Lucid Immersion: How to Start Harnessing the Power of Lucid Dreaming
Some of my most profoundly ecstatic moments have happened when I was sleeping.
The exhilaration is difficult to articulate. Imagine looking around your surroundings, feeling completely awake and aware, and realizing that this is a dream -and that you can control it?
I’m talking about lucid dreaming: the art of consciousness in the dream state.
Learning to Lucid Dream
What would you do if you knew you were dreaming right now?
Many beginners choose to fly, and others pursue what may be considered the safest sex in the world.
But this is just scratching the surface.
When anything is possible, the only thing holding us back is the limits of our imagination.
The good news is that lucid dreaming can be learned.
It’s not a genetic gift but a cognitive skill. In fact, frequent lucid dreaming is the fruit of waking practice.
In the dream research community, this approach is based on the continuity theory of dreaming. Simply put, the way we think and reason in the waking world carries over into our dreams.
Like any other skill though, lucidity practice improves performance. All it takes is the right activities for training the mind towards lucidity.
Some of these skills include the cognitive ability to multitask, the emotional aptitude for taking risks, and the mind-body habit of noticing your surroundings.
Still, many people struggle with “waking up” in the dream world.
In my experience, the frustration is usually due to half-baked forays into lucid mindfulness.
It’s not instant, and there’s no magic pill. You have to stick with it, and track your training with measurable benchmarks.
This is the central premise of my latest ebook project, the Lucid Immersion Blueprint.
As the Zeo community knows, if you track something, your performance improves. Rather than just throwing together a bunch of random gear, the Blueprint organizes the expedition, provides the map of the destination, and tracks your waypoints.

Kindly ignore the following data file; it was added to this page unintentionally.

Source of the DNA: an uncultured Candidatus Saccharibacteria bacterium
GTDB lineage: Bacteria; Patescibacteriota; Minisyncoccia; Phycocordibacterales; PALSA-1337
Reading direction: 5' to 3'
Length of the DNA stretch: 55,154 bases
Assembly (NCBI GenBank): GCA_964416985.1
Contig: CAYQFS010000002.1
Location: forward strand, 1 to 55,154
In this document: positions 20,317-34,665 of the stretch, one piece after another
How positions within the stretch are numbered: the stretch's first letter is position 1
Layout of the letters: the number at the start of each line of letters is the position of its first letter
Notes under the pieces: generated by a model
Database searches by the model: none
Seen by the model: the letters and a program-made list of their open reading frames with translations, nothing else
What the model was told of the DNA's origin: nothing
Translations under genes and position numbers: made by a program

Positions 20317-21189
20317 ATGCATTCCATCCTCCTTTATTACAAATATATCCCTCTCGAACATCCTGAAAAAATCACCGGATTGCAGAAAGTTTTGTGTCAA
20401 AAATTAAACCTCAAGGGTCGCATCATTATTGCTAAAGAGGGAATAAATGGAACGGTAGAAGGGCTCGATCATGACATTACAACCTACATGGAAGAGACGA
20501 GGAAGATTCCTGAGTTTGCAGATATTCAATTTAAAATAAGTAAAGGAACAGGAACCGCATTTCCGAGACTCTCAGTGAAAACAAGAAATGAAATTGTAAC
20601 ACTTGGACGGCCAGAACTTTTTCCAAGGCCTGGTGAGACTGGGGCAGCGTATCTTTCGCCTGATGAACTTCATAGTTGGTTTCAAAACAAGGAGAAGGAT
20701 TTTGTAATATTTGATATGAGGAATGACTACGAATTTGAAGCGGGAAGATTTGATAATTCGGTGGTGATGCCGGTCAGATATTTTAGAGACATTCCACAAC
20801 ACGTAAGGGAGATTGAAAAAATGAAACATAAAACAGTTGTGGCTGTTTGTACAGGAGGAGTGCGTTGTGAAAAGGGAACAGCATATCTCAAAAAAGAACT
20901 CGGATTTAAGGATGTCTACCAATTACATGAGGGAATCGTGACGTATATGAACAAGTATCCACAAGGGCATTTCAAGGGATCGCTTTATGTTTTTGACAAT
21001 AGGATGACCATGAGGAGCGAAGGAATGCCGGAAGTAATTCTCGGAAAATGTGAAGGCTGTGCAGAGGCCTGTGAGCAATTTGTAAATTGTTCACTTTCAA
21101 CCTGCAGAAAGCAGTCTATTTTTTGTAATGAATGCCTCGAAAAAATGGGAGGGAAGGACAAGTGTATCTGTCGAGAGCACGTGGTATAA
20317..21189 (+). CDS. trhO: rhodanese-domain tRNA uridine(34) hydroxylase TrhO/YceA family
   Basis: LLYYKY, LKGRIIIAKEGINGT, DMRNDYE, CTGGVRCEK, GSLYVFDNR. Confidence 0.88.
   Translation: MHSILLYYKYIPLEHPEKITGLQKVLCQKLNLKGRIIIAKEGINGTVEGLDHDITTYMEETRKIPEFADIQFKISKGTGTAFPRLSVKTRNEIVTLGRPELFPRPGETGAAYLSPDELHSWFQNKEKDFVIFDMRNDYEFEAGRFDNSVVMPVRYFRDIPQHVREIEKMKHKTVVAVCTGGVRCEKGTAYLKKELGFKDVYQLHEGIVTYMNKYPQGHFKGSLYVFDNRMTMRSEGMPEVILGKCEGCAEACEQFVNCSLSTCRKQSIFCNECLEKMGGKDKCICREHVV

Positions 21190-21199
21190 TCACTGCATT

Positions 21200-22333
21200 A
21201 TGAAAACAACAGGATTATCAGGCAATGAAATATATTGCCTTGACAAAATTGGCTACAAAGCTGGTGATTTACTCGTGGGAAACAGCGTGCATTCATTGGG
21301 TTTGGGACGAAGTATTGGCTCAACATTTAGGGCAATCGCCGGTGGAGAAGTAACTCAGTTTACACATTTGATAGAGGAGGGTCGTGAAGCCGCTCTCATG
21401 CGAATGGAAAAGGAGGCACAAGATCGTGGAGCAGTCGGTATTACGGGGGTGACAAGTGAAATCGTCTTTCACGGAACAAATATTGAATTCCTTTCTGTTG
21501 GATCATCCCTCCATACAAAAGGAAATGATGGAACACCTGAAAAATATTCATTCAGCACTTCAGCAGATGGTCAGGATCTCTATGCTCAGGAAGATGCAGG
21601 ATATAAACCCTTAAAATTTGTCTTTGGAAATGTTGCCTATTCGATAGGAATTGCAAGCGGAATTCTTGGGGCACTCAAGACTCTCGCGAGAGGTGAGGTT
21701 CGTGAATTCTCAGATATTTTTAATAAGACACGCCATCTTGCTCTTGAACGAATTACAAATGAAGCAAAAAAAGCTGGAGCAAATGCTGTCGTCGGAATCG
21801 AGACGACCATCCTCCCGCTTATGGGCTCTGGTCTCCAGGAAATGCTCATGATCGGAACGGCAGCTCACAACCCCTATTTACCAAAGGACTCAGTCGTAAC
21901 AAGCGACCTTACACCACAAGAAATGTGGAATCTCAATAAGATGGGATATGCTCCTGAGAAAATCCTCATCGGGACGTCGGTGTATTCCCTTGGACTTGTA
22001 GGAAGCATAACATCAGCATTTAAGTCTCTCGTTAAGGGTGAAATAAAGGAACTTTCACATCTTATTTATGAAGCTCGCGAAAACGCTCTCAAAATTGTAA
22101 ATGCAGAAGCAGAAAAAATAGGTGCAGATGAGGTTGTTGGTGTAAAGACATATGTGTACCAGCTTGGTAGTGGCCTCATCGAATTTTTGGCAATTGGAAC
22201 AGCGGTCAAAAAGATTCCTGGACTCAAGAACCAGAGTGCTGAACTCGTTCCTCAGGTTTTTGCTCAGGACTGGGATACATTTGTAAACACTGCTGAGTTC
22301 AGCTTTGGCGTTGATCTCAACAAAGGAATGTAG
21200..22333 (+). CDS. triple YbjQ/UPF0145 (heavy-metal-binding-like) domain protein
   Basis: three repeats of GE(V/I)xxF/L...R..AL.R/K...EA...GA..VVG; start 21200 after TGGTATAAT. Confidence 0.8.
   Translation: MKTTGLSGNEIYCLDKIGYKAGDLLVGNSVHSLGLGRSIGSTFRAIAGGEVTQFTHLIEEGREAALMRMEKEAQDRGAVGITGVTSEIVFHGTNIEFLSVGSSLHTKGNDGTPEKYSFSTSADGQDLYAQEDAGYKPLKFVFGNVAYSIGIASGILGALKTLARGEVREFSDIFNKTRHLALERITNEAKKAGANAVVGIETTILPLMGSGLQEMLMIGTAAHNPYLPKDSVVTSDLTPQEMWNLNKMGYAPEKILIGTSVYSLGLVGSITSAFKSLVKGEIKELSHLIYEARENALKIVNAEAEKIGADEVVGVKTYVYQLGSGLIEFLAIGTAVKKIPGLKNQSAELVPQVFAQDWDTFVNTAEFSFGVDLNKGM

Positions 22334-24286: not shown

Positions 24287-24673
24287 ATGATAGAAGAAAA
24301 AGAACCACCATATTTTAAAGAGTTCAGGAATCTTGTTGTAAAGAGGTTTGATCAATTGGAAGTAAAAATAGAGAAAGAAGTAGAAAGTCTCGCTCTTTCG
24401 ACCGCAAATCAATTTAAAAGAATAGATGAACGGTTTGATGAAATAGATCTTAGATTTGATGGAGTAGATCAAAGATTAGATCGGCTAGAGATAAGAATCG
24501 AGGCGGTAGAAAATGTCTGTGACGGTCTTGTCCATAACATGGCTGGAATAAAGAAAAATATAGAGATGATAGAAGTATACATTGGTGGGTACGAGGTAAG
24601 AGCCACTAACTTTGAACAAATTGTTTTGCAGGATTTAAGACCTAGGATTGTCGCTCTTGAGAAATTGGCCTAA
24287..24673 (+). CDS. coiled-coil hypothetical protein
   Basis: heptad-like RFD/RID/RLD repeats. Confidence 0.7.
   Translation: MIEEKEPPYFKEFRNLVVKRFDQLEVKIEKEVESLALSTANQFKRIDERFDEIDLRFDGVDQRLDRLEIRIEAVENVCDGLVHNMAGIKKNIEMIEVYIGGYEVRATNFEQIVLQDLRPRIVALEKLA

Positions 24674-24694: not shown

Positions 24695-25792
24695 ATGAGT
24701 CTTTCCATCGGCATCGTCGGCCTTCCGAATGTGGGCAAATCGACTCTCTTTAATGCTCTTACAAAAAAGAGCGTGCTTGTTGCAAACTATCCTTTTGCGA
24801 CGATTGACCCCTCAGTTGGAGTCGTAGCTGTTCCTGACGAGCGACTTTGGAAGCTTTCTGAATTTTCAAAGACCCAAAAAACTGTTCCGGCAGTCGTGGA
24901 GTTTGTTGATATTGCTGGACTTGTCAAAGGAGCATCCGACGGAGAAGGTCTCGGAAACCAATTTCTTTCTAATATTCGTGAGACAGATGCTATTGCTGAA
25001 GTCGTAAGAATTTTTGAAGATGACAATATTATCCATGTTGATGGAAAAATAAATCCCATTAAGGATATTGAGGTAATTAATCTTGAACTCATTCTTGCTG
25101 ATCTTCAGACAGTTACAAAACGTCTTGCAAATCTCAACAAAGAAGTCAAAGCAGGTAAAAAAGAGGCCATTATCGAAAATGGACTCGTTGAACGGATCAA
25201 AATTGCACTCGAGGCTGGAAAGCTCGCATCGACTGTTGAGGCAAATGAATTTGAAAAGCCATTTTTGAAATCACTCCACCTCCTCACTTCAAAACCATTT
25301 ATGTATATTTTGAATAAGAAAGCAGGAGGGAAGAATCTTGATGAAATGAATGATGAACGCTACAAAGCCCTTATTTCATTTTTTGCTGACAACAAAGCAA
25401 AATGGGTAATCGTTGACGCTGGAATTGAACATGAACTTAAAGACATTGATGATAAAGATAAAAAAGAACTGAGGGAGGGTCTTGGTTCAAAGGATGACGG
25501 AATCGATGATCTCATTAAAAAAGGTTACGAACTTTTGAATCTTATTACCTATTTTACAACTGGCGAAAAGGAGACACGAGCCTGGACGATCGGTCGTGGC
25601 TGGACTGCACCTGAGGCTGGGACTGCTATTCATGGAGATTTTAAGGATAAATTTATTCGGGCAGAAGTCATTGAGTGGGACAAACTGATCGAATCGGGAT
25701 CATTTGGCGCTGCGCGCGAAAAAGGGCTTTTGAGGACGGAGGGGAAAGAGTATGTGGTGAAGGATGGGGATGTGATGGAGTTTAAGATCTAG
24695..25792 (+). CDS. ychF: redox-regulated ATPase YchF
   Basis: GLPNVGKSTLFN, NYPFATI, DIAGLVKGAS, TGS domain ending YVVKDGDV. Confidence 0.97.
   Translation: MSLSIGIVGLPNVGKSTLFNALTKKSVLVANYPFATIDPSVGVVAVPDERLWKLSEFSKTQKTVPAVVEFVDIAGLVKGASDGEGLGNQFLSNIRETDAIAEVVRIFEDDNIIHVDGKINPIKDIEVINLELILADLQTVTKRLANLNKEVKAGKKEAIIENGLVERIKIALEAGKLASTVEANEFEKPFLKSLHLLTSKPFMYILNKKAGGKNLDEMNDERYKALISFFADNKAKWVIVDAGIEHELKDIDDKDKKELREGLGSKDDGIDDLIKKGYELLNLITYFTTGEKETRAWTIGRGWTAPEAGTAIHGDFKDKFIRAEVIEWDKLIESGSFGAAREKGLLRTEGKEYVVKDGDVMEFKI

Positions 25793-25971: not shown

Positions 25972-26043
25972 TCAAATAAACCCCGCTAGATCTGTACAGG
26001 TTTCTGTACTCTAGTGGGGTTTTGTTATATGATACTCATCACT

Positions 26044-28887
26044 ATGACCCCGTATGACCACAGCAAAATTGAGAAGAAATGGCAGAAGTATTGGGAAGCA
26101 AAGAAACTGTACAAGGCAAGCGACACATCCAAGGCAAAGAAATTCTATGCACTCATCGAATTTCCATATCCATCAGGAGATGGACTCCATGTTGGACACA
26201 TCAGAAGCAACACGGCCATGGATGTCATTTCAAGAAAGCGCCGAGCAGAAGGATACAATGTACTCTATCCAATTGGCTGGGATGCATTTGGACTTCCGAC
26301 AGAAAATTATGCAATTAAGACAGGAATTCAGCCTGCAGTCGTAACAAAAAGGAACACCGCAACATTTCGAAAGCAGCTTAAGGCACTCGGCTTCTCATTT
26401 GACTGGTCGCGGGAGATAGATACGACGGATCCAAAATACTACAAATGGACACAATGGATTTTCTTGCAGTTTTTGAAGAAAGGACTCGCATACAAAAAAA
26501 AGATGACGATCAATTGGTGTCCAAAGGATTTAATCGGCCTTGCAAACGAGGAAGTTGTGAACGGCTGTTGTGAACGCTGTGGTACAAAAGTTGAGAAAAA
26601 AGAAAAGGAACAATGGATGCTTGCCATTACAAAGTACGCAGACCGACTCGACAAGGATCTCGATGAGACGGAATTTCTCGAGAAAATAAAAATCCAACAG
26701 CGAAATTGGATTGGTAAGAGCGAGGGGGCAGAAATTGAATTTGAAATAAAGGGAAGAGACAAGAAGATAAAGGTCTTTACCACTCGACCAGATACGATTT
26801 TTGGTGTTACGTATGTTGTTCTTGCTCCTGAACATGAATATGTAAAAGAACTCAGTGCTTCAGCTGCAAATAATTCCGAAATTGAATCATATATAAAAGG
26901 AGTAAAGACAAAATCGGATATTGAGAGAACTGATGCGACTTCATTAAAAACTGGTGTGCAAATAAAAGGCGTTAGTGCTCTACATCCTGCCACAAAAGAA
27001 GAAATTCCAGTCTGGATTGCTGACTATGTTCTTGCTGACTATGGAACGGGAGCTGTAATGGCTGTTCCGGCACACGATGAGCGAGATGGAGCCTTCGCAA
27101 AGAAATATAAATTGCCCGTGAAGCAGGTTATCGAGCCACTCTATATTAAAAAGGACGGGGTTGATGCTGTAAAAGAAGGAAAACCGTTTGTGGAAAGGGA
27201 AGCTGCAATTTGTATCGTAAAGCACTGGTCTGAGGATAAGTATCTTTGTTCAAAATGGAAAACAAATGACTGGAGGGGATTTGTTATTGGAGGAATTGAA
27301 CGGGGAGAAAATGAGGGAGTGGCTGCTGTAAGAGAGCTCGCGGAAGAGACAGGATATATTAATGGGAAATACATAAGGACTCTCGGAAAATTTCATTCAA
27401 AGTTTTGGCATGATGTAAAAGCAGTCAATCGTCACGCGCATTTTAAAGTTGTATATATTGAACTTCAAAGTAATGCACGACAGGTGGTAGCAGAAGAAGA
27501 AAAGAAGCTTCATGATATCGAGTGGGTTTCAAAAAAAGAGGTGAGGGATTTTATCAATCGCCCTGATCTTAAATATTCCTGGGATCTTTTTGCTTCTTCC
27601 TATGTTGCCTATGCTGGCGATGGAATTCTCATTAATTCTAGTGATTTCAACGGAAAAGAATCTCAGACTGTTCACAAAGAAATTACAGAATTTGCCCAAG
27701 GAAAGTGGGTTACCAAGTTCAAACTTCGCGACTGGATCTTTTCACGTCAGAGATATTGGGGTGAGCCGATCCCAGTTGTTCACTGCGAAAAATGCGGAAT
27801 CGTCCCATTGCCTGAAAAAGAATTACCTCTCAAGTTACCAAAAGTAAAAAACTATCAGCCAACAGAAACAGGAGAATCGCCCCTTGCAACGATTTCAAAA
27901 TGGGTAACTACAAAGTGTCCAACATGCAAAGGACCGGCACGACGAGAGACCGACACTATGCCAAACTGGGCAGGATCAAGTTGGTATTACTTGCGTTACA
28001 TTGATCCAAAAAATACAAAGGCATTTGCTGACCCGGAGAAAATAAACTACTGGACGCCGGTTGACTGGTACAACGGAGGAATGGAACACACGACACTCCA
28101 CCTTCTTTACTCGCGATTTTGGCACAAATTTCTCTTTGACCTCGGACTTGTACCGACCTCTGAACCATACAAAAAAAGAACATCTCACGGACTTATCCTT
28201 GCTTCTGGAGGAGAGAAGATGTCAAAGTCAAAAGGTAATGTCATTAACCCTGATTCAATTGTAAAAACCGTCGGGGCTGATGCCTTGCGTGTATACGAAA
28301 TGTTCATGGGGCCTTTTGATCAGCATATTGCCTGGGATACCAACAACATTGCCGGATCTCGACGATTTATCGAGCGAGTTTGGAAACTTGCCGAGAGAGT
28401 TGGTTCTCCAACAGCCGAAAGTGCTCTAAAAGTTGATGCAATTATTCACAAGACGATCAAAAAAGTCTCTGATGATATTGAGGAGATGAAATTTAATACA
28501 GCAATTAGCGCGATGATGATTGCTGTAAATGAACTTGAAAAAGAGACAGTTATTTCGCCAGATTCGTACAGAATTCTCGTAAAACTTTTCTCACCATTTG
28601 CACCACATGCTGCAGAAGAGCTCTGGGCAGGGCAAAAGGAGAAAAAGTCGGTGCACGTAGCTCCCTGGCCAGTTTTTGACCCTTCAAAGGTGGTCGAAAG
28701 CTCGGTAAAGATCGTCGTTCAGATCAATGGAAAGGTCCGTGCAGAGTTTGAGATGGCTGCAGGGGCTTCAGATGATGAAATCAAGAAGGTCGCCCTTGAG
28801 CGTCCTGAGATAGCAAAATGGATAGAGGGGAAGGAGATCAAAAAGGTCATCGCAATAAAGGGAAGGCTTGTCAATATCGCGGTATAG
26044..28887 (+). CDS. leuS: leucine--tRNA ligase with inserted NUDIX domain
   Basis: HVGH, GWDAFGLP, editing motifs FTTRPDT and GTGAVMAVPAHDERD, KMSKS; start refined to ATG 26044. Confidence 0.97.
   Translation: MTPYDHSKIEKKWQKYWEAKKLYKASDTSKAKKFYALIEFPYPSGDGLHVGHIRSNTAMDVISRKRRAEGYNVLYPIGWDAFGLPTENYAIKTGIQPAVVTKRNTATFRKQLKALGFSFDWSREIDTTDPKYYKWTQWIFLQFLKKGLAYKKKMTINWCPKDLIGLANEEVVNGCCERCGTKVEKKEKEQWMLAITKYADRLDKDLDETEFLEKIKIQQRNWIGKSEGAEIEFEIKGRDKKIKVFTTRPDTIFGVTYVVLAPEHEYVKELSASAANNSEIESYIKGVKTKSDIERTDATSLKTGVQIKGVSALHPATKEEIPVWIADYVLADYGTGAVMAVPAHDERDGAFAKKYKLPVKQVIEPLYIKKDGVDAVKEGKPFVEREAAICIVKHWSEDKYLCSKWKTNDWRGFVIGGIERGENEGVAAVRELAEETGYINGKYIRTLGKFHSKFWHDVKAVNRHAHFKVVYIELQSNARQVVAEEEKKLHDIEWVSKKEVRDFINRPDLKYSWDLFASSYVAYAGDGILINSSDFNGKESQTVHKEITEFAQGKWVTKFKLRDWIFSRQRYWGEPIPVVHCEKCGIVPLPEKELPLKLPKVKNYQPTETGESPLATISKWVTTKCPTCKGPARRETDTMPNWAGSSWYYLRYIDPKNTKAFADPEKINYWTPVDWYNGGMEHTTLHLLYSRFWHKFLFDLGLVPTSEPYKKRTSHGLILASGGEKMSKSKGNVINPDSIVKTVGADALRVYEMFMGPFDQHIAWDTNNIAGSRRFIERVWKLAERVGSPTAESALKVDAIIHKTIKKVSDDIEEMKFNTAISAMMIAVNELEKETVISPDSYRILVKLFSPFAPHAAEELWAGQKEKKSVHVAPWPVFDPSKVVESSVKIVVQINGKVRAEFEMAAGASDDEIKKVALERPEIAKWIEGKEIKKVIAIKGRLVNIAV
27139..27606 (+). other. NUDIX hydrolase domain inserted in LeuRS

Sweet; But why lucid dream in the first place?
In general, lucid dreams are associated with higher levels of creativity and emotional intelligence.
Other researchers have found that lucid dreaming can cure severe nightmares and buffer the mind against future traumatic events.
Countless others use lucid dreaming as a tool to dig into the mysteries of the mind and consciousness.
A recent brain scan study suggests that when you perform an action in a lucid dream, the same parts of the brain “light up” as when you do it in waking life.
Think about that for a second.
The brain cannot differentiate between these two worlds. Anything you think about becomes a reality to the brain, entraining the motor cortex as much as real practice.
The opportunities to strengthen your skills may be limitless.
I personally consider lucid dreaming to be a psycho-spiritual practice; it has changed my life and continues to be an avenue for growth, knowledge, and self-development.
I have found courage, creativity and wisdom.
I have made peace with the past and been shown possible futures.
I have found a sense of purpose as well as a gateway to the other worlds.
Most importantly, I have discovered that perception is permeable, and we have opportunities to shift not only our personal mental constructs about so-called “reality”—but also the mental constructs of our community.
When you learn something new in a lucid dream, your waking world changes too.
This bold idea moves beyond the continuity hypothesis, in that dreams are not just reflections of waking experience, but can be the genesis of unique thoughts and behavioral change.
In this way, lucid dreamers shift the culture, and draw new horizons as we discover our full potentials.
Or as I like to say, every lucid dream is a revolution.Ryan Hurd is a Zeo sleep expert, and the author of Lucid Immersion Blueprint, a guide to lucid dreaming. Ryan is also the editor of DreamStudies.org and a board member of the International Association for the Study of Dreams.
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